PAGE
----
A member of U.S. Special Operations forces climbs down from a compound wall during a joint patrol with Afghan National Army soldiers in Shewan, a former Taliban stronghold, in Afghanistan’s Farah province. (Maya Alleruzzo/AP)

The bulk of the roughly 4,000 additional troops headed to Afghanistan will probably be composed of thousands of paratroopers from two units — the 82nd Airborne Division and an airborne brigade from the 25th Infantry Division, according to U.S. officials.

More air support — in the form of more F-16 fighters, A-10 ground attack aircraft and additional B-52 bomber support, or a combination of all three — is also probably on the way, according to a U.S. official, who spoke on the condition of anonymity to discuss plans that had not yet been made public. The B-52s will remain based in Qatar but will be tasked to cover Afghanistan.

Small Marine artillery detachments, composed of about 100 or so troops per unit, will be spread around the country to fill in gaps in air support, the official said.

The preparations come as the Pentagon announced Wednesday that it is altering how it counts the number of troops in Afghanistan to include all service members who are on temporary assignments and working for combat support agencies that did not count against the “force management levels” disclosed previously. The Pentagon has said for months that about 8,400 troops are in Afghanistan, but the actual “total force” number is closer to 11,000, said Marine Lt. Gen. Frank McKenzie, the director of the Joint Staff.

Defense officials revealed Aug. 30 that there are around 11,000 troops in Afghanistan, higher than the 8,400 troops reported under the Obama administration. (Reuters)

McKenzie said that no longer will the Pentagon be required to meet an “arbitrary force management level,” meaning that entire units can deploy rather than parts of them in order to adhere to troop caps. Doing so, he said, will increase their readiness for combat.

A similar shift in how troops are counted is expected in Iraq and Syria, but the Pentagon isn’t ready yet to announce those numbers, McKenzie said. He would not say whether that is in part due to sensitivities in Iraq over the number of U.S. troops deployed there.

While President Trump announced his new strategy for Afghanistan last week, his statement had little detail and did not mention troop numbers. The Pentagon has yet to make any announcement about the coming deployments as the final orders have yet to be approved by Chairman of the Joint Chiefs of Staff Gen. Joseph F. Dunford Jr. and Defense Secretary Jim Mattis, the officials said. As the Pentagon delays signing off on the troop increase, the availability of certain units could change.

About half of the 82nd Airborne’s 1st Brigade Combat Team is already in Afghanistan, while the rest of the unit — around 1,500 troops — is waiting to join them as a part of the troop increase. The 4th Brigade of the 25th Infantry Division, based in Alaska, is set to relieve parts of the Army’s 1st Armored Division already in the country. To contribute to the troop increase, the 4th Brigade is likely to deploy more of its troops rather than send just enough to replace those in the 1st Armored Division. Fox News first reported the 82nd Airborne’s deployment last week.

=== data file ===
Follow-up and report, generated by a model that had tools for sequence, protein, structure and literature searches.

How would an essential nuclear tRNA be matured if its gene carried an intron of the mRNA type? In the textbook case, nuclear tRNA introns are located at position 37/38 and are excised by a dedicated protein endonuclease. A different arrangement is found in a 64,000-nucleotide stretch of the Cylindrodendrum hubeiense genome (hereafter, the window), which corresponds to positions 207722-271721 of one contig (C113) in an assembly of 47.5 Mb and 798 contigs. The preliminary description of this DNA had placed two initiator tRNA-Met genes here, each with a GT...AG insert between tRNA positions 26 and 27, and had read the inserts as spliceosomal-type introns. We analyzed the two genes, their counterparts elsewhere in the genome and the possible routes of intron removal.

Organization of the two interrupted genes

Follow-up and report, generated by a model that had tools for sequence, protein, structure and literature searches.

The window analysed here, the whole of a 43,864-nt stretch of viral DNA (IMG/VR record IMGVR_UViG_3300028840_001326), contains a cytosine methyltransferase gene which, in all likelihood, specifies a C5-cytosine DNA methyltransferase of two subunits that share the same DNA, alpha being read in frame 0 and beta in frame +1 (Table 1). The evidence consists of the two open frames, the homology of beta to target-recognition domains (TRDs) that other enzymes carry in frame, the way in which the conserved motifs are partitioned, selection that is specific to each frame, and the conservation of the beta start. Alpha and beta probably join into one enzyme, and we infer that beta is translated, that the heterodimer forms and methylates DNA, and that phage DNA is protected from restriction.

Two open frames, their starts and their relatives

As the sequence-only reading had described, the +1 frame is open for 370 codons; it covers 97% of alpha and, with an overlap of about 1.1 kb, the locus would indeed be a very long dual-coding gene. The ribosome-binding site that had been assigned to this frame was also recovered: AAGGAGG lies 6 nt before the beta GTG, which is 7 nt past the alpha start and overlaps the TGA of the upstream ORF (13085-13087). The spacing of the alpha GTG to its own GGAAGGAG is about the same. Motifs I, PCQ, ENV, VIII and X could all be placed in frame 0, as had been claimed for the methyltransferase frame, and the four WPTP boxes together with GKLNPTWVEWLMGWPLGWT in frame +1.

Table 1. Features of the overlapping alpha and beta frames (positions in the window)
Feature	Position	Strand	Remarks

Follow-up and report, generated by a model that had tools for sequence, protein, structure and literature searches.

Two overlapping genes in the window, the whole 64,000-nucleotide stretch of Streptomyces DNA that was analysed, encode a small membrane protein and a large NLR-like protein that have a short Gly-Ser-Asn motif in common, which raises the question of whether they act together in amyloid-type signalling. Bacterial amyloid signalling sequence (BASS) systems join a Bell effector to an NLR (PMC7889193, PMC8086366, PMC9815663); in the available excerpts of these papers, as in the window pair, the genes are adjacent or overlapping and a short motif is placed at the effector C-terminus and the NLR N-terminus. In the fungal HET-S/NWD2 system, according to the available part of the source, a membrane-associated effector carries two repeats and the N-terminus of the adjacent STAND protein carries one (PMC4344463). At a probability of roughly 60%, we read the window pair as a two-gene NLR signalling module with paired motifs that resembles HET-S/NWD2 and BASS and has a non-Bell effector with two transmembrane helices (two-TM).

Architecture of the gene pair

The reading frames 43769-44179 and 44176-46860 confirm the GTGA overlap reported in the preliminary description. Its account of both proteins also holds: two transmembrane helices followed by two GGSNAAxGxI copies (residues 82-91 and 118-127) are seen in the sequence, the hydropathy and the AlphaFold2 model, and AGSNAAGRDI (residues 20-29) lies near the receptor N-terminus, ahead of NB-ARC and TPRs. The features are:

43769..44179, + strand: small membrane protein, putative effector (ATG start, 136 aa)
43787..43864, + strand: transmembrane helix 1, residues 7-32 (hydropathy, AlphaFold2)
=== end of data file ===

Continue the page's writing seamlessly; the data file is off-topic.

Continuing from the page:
During a recent visit to Kabul, Gen. Joseph Votel, the officer who oversees U.S. operations in the Middle East and Afghanistan, told reporters that he was hoping to get some of the new forces into the country before the end of the fighting season. While in Afghanistan’s warmer climes the fighting season usually lasts almost year-round, clashes elsewhere in the country usually taper off by the end of October.

It is unclear why the Pentagon has delayed authorizing the additional troops even though Trump made his announcement. On Monday, Pentagon spokesman Army Col. Rob Manning said Mattis had directed Dunford “to put together a plan to achieve the strategic goals of the president’s strategy.” A spokesman for the National Security Council did not respond to a request for comment.

In 2009, when President Barack Obama authorized the surge of 30,000 troops to Afghanistan, units were notified of their deployments almost immediately. In that instance, the units were deploying at full strength to conduct standard combat operations. In the case of Trump’s surge, the units being tasked to deploy are going to advise Afghan troops.

At the war’s height in 2011, there were more than 100,000 U.S. troops on the ground. More than 2,000 Americans have died in Afghanistan since the United States invaded the country in 2001. Ten U.S. troops have been killed by hostile fire so far in 2017.

Now with a relatively small force, the U.S. military and NATO counterparts are spread across the country trying to advise the Afghan military while marshaling enough air support to ensure Taliban militants are held at bay. There also more than 20,000 contractors in Afghanistan, according to a July report from the Pentagon. Those civilians do everything from aircraft maintenance to base security and are an integral part of the American war effort in the country. With more troops, those numbers are sure to increase as well.

The additional U.S. forces will allow Americans to advise Afghan troops in more locations and closer to the fighting, U.S. officials in Kabul said ahead of Trump’s announcement. With more units farther away from the country’s biggest bases, additional air support and artillery will be needed to cover those forces.

Dan Lamothe contributed to this report.